Zirkelbach, of America’s Health Insurance Plans, said the industry is not trying to weaken the provision, but to make it effective. “If the MLR definition is too restrictive, it will inhibit plans’ ability to continue to offer the types of quality services that patients want and rely on today,” he said.
He said, for example, that insurers have pioneered new health programs, such as disease management and prevention and wellness initiatives, “to ensure that patients are getting the right health care treatments, at the right place, at the right time,” and they are now seeking a good definition of health quality improvement to preserve and foster those efforts.
Holland, the Oklahoma insurance regulator helping to craft these new rules, said she and her colleagues have to strike a careful balance.
“The definitions of clinical care and medical quality have a lot of moving parts,” she said.
The National Association of Insurance Commissioners is trying to make sure they leave enough room for companies to innovate and develop new tools that genuinely improve the health care system, without giving them so much leeway that they can pass off expenses that are not valid.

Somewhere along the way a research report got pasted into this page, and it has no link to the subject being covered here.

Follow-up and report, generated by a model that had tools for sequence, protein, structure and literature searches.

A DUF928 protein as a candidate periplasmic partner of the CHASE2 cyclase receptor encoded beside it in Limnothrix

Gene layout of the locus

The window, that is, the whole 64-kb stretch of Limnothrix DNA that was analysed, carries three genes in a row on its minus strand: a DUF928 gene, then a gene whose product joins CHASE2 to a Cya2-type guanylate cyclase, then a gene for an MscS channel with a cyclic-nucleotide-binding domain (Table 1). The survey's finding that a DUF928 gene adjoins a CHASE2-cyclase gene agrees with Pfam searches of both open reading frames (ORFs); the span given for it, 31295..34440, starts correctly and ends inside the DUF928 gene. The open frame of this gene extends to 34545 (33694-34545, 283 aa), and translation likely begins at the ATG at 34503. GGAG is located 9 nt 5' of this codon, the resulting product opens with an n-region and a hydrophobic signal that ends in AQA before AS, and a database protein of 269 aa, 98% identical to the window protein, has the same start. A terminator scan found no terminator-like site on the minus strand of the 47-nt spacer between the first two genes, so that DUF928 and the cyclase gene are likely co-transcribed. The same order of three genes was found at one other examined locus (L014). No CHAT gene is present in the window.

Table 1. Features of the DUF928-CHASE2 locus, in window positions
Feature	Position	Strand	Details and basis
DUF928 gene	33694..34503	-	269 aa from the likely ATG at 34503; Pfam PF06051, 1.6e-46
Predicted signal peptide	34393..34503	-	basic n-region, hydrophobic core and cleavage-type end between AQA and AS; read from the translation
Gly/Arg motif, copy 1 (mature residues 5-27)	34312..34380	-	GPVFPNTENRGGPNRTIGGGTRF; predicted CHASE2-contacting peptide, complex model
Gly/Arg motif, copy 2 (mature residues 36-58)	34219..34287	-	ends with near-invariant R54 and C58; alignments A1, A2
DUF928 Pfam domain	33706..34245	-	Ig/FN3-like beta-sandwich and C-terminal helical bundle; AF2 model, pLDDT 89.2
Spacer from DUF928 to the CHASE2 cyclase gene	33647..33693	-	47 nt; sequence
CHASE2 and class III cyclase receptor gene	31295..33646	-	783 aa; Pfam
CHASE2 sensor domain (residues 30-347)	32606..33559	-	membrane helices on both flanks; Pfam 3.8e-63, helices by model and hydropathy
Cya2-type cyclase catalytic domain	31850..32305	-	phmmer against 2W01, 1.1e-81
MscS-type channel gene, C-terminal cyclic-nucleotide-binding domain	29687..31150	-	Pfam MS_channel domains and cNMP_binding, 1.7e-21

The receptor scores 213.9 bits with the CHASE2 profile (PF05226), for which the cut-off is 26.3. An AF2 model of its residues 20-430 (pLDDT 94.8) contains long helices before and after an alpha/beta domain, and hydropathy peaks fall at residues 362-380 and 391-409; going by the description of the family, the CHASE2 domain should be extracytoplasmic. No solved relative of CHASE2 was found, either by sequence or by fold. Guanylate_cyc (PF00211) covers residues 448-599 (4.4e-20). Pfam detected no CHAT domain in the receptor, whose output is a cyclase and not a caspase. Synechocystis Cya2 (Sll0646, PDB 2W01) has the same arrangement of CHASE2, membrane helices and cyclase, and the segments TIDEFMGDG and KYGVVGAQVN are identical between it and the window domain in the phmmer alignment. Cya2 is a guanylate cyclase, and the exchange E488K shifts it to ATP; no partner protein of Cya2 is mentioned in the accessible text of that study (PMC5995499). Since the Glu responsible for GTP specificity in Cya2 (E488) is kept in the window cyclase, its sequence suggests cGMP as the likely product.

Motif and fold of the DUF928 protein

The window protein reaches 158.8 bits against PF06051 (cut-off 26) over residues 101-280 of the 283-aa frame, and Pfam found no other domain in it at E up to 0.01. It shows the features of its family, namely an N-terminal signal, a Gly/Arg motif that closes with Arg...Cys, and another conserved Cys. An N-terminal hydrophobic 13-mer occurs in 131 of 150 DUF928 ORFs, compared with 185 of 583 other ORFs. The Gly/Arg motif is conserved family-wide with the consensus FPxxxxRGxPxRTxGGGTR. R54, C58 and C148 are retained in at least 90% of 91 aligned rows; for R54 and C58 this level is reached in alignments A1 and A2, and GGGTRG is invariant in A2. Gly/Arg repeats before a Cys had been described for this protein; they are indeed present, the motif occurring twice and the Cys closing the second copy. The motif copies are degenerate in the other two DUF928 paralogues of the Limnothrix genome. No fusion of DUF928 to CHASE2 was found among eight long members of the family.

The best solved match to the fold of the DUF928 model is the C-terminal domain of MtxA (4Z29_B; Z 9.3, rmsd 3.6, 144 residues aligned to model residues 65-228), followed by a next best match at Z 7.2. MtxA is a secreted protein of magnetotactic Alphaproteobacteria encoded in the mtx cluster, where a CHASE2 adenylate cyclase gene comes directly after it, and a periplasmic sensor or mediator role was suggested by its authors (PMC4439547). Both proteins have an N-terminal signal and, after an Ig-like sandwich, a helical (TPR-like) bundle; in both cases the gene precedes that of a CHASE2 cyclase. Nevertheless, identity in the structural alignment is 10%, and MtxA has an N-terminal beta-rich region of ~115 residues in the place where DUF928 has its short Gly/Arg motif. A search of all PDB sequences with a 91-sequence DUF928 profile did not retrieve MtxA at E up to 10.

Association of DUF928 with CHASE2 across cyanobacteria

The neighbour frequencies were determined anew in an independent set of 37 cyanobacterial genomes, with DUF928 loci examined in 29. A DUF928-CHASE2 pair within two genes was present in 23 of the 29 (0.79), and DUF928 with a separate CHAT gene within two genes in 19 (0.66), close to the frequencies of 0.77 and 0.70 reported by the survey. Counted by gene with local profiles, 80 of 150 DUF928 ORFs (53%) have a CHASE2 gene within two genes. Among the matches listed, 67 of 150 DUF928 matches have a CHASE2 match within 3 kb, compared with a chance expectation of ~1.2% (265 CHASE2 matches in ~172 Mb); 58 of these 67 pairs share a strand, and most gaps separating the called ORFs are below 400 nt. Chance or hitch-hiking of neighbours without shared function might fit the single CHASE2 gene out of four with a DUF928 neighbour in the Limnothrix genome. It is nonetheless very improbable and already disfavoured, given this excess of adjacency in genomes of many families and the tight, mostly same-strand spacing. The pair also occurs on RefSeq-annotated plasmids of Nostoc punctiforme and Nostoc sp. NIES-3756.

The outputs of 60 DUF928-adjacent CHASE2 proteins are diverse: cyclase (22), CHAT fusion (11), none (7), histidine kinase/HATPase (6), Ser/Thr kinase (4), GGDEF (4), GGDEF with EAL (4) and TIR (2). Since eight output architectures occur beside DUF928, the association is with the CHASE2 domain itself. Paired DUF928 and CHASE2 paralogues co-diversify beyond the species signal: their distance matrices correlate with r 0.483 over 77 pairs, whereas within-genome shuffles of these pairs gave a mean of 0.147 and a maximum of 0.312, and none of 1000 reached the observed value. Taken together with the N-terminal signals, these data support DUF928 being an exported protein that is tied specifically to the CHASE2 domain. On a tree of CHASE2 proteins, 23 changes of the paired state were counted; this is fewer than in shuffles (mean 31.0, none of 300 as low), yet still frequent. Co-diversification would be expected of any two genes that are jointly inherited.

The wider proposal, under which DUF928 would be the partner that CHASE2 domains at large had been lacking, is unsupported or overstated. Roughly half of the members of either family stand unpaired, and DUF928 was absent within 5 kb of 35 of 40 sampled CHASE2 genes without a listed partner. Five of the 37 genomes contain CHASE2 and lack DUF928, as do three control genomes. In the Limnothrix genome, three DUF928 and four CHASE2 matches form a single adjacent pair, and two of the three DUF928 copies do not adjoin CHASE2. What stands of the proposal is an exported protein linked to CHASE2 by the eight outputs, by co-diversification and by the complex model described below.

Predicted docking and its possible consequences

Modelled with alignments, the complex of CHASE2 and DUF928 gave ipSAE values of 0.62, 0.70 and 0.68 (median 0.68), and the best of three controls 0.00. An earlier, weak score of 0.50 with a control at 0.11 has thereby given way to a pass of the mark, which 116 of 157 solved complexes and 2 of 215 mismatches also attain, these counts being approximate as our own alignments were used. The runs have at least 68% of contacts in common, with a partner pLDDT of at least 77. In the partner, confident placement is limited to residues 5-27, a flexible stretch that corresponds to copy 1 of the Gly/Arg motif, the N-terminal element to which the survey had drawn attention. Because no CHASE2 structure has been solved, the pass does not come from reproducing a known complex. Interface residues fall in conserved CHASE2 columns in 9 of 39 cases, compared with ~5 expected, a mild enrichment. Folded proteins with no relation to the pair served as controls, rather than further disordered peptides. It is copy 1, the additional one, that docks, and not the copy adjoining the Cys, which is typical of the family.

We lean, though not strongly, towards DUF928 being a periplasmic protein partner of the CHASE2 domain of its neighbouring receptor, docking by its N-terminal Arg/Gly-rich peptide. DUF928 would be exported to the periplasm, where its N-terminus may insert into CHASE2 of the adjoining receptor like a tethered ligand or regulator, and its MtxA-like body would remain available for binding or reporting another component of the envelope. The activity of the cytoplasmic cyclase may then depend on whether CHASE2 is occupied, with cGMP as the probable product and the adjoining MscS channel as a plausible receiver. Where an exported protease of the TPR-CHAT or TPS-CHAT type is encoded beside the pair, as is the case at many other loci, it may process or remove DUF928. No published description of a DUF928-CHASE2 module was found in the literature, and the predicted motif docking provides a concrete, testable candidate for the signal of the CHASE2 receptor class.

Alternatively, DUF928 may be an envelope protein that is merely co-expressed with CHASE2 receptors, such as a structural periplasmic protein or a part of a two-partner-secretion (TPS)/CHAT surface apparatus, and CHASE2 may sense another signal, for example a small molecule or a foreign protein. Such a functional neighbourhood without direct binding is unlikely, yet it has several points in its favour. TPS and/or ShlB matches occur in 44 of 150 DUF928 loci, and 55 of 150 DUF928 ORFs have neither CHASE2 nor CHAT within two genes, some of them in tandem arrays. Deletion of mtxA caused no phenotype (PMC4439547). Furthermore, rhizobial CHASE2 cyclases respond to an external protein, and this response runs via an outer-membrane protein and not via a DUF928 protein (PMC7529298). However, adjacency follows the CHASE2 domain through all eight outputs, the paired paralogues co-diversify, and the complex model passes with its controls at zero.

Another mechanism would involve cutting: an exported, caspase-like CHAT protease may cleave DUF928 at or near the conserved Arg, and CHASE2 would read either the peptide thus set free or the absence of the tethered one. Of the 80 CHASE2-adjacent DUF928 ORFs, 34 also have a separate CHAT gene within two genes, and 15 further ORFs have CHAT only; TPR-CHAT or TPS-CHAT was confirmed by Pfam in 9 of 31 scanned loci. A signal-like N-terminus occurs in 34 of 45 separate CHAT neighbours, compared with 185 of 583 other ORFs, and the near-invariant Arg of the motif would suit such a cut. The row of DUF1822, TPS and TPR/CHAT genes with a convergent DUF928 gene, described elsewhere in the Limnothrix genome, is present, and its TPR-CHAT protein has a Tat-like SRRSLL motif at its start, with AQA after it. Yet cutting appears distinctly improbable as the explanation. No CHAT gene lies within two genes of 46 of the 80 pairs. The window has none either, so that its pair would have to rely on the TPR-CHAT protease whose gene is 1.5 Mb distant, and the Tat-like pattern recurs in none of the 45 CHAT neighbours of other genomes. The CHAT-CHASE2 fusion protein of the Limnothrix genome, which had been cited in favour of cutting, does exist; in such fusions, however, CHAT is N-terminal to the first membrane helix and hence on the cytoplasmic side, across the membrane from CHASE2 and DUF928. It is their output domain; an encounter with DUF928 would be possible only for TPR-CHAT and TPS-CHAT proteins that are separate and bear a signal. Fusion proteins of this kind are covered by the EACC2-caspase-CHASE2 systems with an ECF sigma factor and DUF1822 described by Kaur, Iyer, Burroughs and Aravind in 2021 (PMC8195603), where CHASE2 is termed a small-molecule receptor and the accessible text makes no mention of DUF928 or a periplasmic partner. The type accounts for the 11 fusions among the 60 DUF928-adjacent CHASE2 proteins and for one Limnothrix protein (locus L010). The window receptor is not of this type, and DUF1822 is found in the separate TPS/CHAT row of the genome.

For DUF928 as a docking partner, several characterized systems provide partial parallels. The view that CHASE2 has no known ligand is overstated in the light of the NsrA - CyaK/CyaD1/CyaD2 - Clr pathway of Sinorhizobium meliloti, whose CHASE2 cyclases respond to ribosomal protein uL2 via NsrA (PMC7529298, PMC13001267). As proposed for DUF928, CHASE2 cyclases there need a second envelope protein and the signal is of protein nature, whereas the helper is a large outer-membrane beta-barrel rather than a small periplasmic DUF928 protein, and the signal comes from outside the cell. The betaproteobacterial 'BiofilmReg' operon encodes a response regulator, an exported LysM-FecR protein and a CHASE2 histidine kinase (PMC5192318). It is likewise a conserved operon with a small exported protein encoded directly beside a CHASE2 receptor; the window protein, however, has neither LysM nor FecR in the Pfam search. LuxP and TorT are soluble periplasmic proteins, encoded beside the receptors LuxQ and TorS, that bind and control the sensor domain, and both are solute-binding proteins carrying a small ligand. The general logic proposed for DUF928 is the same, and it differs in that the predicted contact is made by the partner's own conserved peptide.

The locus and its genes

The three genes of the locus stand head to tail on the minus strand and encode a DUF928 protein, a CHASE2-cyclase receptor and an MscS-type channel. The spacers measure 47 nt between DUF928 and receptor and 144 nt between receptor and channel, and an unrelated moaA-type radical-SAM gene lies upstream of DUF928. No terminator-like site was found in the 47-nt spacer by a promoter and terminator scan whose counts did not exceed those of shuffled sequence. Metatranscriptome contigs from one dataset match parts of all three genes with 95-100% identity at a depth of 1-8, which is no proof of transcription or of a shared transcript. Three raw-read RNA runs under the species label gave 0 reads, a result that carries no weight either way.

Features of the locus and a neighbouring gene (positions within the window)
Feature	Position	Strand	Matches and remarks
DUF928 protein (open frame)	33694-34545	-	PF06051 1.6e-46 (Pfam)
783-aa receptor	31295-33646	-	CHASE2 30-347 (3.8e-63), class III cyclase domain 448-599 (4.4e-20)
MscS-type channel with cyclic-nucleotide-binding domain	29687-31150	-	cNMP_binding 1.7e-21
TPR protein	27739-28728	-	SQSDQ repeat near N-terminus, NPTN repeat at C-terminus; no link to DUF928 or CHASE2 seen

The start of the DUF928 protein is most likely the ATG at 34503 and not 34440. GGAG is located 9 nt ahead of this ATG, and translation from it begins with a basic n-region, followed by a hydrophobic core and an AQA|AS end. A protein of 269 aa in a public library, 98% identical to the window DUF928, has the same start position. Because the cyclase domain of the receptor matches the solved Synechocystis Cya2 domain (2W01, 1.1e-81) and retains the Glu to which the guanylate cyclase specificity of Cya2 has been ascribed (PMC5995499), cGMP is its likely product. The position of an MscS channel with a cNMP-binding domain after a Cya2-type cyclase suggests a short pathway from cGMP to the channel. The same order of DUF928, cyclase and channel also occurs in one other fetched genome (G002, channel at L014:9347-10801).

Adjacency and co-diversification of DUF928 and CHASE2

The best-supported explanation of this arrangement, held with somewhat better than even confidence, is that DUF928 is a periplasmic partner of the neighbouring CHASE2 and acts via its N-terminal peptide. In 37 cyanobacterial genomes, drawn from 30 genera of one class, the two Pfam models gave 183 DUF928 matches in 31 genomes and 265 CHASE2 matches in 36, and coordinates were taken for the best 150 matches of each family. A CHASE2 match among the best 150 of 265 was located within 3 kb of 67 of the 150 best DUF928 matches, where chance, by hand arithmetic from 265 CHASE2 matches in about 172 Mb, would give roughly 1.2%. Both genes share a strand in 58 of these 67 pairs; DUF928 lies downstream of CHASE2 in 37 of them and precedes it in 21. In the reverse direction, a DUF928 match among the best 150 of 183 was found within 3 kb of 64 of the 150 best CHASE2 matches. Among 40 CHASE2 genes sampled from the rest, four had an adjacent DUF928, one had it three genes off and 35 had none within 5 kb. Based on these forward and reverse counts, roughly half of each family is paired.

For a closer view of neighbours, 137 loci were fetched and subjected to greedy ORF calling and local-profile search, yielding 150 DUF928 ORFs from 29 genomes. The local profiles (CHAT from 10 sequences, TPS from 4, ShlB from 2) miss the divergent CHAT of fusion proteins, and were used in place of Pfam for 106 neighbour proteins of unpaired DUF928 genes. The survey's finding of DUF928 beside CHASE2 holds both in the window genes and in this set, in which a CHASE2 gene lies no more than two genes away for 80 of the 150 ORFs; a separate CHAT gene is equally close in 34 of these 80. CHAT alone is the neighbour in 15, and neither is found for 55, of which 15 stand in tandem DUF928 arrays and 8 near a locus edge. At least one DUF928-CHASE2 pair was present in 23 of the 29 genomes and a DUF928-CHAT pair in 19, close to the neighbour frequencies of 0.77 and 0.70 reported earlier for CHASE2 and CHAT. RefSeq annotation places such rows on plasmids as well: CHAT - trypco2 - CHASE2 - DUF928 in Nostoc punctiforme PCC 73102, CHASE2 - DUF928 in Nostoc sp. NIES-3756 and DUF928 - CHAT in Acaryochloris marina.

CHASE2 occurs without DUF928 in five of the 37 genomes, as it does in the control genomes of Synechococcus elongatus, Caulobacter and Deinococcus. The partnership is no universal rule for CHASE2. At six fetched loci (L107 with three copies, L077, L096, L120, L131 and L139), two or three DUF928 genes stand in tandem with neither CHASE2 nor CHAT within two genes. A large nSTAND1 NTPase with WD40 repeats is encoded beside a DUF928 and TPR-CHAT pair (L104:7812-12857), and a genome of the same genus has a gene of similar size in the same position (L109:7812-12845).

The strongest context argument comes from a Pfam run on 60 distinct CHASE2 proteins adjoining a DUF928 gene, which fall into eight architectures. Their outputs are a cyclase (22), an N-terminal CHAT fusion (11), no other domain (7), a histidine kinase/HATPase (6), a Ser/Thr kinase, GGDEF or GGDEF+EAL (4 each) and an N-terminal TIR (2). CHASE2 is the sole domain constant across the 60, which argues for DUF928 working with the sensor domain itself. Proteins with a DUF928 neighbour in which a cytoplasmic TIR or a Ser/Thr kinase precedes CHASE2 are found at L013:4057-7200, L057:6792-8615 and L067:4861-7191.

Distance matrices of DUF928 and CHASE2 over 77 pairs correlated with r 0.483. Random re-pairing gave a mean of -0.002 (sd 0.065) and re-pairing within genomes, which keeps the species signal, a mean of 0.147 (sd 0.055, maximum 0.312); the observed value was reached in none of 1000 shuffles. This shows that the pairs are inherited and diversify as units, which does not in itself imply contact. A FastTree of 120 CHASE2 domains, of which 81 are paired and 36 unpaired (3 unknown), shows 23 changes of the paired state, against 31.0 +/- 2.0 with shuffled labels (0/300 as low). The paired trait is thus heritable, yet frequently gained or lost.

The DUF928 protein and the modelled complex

The process is all the more complicated because Congress charged the NAIC, a trade association of state insurance commissioners, with crafting these new rules, instead of a federal government agency, such as HHS. Balber said that having a private entity, albeit one made up of public servants, handle this issue has made the already murky process of federal regulation-writing even more indecipherable.
But the NAIC’s Holland said the debate over this new rule has been open, with all the stakeholders at the table offering their views. The process is so complex, she noted, that NAIC missed its first deadline of getting a rule to HHS for review and certification.
“We really have to think through each and every one of these items,” she said. “Consumers are spending a lot of money on health insurance, and they want to make sure most of that money is spent on their care.”
She expects the association to finish its work sometime in August. Insurers have to comply with the new 80 to 85 percent thresholds by the time they start their next plan year, which for many will be between September and January. The customer rebate provision goes into effect on Jan. 1, 2011.